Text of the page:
Ethnic groups have polarized and bullied each other for years, out on the street. Recently, teens have taken to their cell phones and computers to do the same. Blacks against whites against browns. All good kids at their core, but divided by the color of their skin.
#32 in the series of short plays for the classroom.
This series has been very popular, over the years, with teachers and students. Sets, costumes, props are not needed. Most pertain to real life issues for teens so these plays are meant to open a dialogue between teens and their teachers. Or, at the very least, to experience live theatre.
All ‘G’ rated so no adult content. When profanities are used, as teens do in real life, they are optional and can be easily eliminated.
Available at www.amazon.com and all other fine book stores.
MY BLOG features INTERVIEWS with best-selling AUTHORS! March: Mystery (and Western) writer, Larry D. Sweazy ~~ April: International adventurer, writer, Tal Gur.
Check out more Motivational Moments…for Writers!
To receive my posts sign up for my On the home page, enter your email address. Thanks!
While writing another short play, “Daughterland“, I wanted a whole new spin on Disney’s Tinker Bell. So more research. This is what I found: James Barrie’s first draft of his famous story (1924) of the magical boy who never grew up originally christened the world’s most famous female fairy as “Tippy-Toe.” By the time the play was first performed, the little pixie had been renamed “Tinker Bell” and has remained so ever since.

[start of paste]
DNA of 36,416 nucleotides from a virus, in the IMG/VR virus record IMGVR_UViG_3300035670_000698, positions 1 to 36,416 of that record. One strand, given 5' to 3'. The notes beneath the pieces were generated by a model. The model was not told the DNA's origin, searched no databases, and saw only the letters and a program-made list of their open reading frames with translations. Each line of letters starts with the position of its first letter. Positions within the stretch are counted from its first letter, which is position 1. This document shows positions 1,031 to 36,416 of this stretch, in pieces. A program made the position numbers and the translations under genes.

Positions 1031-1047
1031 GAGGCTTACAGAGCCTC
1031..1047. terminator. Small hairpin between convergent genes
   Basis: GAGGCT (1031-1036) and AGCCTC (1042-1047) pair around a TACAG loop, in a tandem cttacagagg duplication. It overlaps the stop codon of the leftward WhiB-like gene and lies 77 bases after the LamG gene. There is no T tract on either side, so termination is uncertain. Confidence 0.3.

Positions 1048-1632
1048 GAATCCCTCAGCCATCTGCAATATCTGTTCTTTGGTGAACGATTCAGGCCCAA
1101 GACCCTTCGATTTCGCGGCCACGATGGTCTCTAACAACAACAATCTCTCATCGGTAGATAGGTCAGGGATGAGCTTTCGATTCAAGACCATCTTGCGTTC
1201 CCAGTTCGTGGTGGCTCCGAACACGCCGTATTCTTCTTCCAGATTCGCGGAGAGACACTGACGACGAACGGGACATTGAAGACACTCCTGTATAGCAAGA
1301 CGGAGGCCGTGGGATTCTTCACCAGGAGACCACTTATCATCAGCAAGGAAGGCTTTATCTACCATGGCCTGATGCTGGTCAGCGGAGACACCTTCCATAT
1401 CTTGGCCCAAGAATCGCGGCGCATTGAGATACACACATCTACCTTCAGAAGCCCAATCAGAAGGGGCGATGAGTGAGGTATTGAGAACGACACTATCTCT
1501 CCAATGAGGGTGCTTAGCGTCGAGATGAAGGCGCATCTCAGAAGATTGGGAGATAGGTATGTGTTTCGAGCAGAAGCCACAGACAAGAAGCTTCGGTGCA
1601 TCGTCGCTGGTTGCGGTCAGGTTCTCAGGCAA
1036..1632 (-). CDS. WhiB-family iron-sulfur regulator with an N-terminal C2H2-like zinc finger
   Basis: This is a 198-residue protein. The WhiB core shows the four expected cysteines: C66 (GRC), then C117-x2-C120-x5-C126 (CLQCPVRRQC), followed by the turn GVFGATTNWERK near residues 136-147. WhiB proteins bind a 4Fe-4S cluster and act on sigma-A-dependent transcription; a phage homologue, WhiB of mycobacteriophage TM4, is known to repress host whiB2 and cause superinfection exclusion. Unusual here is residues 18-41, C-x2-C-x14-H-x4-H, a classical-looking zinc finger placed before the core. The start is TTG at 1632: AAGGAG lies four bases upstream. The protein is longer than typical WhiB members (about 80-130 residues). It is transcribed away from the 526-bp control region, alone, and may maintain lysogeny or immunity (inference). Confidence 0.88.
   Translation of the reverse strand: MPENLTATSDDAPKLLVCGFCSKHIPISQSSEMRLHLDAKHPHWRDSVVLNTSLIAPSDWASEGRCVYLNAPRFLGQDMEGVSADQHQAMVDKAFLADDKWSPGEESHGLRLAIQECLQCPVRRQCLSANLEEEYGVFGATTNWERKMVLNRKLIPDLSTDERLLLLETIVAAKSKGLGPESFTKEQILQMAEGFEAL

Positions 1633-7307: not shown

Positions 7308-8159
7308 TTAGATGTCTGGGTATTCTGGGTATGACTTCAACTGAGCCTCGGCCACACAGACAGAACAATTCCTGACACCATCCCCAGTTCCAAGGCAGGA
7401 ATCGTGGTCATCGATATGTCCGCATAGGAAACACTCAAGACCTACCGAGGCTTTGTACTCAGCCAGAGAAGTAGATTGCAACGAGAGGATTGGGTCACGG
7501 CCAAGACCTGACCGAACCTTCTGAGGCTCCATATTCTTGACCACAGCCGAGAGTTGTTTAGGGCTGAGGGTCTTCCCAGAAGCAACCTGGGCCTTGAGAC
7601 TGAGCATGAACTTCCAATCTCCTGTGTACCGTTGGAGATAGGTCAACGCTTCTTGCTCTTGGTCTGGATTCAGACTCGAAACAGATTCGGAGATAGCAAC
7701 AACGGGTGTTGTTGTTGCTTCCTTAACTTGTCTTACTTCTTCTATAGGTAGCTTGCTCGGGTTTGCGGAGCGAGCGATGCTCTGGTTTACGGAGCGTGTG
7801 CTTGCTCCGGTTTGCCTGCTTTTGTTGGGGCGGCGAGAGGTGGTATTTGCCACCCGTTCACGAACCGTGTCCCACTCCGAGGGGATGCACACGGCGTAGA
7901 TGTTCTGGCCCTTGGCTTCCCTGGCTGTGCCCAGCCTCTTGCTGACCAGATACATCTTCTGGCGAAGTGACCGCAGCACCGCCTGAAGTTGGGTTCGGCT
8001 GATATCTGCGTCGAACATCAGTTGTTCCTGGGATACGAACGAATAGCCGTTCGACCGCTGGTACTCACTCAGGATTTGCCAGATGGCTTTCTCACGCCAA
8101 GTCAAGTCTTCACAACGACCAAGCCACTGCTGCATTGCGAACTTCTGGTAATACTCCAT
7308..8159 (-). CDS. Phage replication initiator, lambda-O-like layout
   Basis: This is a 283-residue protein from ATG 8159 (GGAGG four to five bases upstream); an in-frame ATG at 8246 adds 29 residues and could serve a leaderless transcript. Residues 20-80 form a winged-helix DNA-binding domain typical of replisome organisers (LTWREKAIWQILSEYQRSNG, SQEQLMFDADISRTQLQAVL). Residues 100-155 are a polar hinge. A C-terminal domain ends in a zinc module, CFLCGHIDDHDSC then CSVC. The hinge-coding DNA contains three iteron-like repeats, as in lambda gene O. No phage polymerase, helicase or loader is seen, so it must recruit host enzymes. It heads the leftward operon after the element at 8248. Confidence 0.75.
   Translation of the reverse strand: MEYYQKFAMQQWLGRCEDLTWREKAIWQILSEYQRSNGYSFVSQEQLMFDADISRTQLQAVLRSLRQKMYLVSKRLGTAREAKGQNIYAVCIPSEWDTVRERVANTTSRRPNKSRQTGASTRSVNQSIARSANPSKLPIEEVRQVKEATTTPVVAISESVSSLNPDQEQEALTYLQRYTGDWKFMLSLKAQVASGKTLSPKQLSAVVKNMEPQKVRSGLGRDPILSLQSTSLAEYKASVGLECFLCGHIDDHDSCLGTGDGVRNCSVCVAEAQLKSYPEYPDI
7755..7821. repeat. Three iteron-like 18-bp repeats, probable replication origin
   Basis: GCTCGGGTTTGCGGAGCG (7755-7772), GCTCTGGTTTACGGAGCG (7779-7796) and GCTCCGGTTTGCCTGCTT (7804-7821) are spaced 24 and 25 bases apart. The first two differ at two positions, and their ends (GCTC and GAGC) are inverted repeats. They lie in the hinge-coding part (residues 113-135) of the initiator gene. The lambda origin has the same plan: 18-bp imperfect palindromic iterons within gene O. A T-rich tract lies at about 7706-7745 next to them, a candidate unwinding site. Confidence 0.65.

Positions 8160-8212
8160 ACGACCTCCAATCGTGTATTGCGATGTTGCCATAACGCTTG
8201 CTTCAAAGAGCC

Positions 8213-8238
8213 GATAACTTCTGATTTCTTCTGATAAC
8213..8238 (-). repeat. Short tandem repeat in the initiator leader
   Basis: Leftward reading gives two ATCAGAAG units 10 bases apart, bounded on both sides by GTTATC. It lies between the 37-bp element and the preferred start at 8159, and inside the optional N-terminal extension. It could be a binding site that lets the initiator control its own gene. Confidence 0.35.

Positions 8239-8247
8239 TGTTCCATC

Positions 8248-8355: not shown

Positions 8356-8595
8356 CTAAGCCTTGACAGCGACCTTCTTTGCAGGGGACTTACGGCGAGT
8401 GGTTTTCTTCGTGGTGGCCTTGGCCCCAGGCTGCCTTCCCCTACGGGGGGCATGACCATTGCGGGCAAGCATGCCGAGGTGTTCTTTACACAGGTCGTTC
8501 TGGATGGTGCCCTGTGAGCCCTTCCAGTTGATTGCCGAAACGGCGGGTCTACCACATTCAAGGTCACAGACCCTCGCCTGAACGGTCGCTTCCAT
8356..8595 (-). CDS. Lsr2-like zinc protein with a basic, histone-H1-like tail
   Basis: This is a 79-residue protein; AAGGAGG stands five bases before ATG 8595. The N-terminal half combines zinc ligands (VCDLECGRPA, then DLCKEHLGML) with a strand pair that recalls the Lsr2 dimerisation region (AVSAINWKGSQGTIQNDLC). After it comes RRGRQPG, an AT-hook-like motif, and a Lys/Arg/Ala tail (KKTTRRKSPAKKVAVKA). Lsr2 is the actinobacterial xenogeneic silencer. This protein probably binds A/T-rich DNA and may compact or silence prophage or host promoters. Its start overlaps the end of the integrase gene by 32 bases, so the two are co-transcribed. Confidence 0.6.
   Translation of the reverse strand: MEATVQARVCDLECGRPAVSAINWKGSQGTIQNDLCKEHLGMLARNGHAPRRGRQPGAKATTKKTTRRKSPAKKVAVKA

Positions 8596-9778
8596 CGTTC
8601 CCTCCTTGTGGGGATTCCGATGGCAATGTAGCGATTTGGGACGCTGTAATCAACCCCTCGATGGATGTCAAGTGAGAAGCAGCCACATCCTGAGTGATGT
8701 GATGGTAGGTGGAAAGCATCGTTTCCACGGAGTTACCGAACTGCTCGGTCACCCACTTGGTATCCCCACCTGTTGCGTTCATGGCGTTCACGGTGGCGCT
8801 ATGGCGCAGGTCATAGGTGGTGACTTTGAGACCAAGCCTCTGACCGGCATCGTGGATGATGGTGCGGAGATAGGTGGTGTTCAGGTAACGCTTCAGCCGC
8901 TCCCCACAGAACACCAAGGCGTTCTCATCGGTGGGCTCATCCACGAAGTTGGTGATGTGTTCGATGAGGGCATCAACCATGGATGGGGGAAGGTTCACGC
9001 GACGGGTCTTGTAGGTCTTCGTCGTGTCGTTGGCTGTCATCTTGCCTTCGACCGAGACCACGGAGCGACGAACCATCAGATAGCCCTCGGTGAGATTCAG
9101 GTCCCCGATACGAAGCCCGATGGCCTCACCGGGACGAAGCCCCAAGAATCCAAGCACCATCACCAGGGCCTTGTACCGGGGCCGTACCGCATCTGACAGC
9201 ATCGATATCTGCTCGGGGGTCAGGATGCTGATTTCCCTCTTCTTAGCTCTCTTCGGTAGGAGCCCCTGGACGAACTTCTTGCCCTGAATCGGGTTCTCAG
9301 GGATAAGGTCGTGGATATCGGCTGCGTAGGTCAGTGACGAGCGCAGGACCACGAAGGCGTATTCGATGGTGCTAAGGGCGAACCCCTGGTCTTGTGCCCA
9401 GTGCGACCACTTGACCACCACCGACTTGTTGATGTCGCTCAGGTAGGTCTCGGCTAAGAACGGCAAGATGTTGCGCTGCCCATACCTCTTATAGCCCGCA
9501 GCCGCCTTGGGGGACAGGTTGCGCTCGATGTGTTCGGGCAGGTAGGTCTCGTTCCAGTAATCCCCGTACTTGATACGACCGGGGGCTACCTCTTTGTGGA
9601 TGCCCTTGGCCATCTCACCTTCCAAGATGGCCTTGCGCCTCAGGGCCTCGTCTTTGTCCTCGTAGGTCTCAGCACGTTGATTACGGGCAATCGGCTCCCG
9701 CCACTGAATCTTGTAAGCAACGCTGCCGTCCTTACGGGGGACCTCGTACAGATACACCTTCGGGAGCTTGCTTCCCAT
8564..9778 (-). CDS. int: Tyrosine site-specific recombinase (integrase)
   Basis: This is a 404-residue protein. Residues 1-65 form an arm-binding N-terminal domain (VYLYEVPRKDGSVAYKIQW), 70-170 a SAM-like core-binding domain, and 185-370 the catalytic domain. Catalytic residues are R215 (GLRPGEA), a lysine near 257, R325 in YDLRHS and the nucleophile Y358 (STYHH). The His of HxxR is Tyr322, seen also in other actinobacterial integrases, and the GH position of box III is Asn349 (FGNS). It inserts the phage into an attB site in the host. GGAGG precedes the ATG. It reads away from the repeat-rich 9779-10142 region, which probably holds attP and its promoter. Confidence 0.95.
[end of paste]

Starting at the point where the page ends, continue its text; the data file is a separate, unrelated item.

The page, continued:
Probably most readers know that a tinker was an itinerant tradesman who mended pots and pans. He rang his distinctively high pitched “tinker’s bell” to announce he was in the neighborhood
Barrie pictured the fairy with fiery red hair because she was so small she could only have one emotion at a time, and the red hair seemed to reflect her most common emotions. From Barrie’s unpublished screenplay, here is the description of the first appearance of Tinker Bell:
“The fairy, Tinker Bell. Swallows perched on the outside of the window. The fairy music comes up. The fairy, Tink, flies on and alights on the window sill. She should be about five inches in height and, if the effect can be got, this should be one of the quaintest pictures of the film, the appearance of a real fairy. She is a vain little thing, and arranges her clothes to her satisfaction. She also keeps shoving the birds about so as to get the best place for herself. Finally, she shoves all the swallows off the sill.”
When the animated feature was first released, the Disney publicity department insisted that this would be the first time that Tinker Bell would be visible as more than just the little spot of light flitting around the scenery. In actuality, a silent movie version of Peter Pan released by Paramount in 1924 had a live actress appear briefly in some close-ups as Tinker Bell. Courtesy of Wade Sampson My research changed the way I thought of Tinker Bell, the Disney version. In doing so, my ‘Tippy’ (yes, I went with her orginal name) is quite different. But the play is really about a father and daughter trying to find new ground in their relationship after divorce.
So my series hasn’t even been on amazon.com for a week and I am experiencing sales. Why am I telling you this? Well, it was sort of an experiment; publishing a series of single
one act scripts……..
I can’t tell you how exciting this is…..’Keep it simple, stupid’ , seems to be working for me.
I guess what I’m trying to do is encourage other writers to take a risk, try a new idea, challenge yourself
and your writing. What have you got to lose? Currently there are ten of these short, one act plays.
With more to come.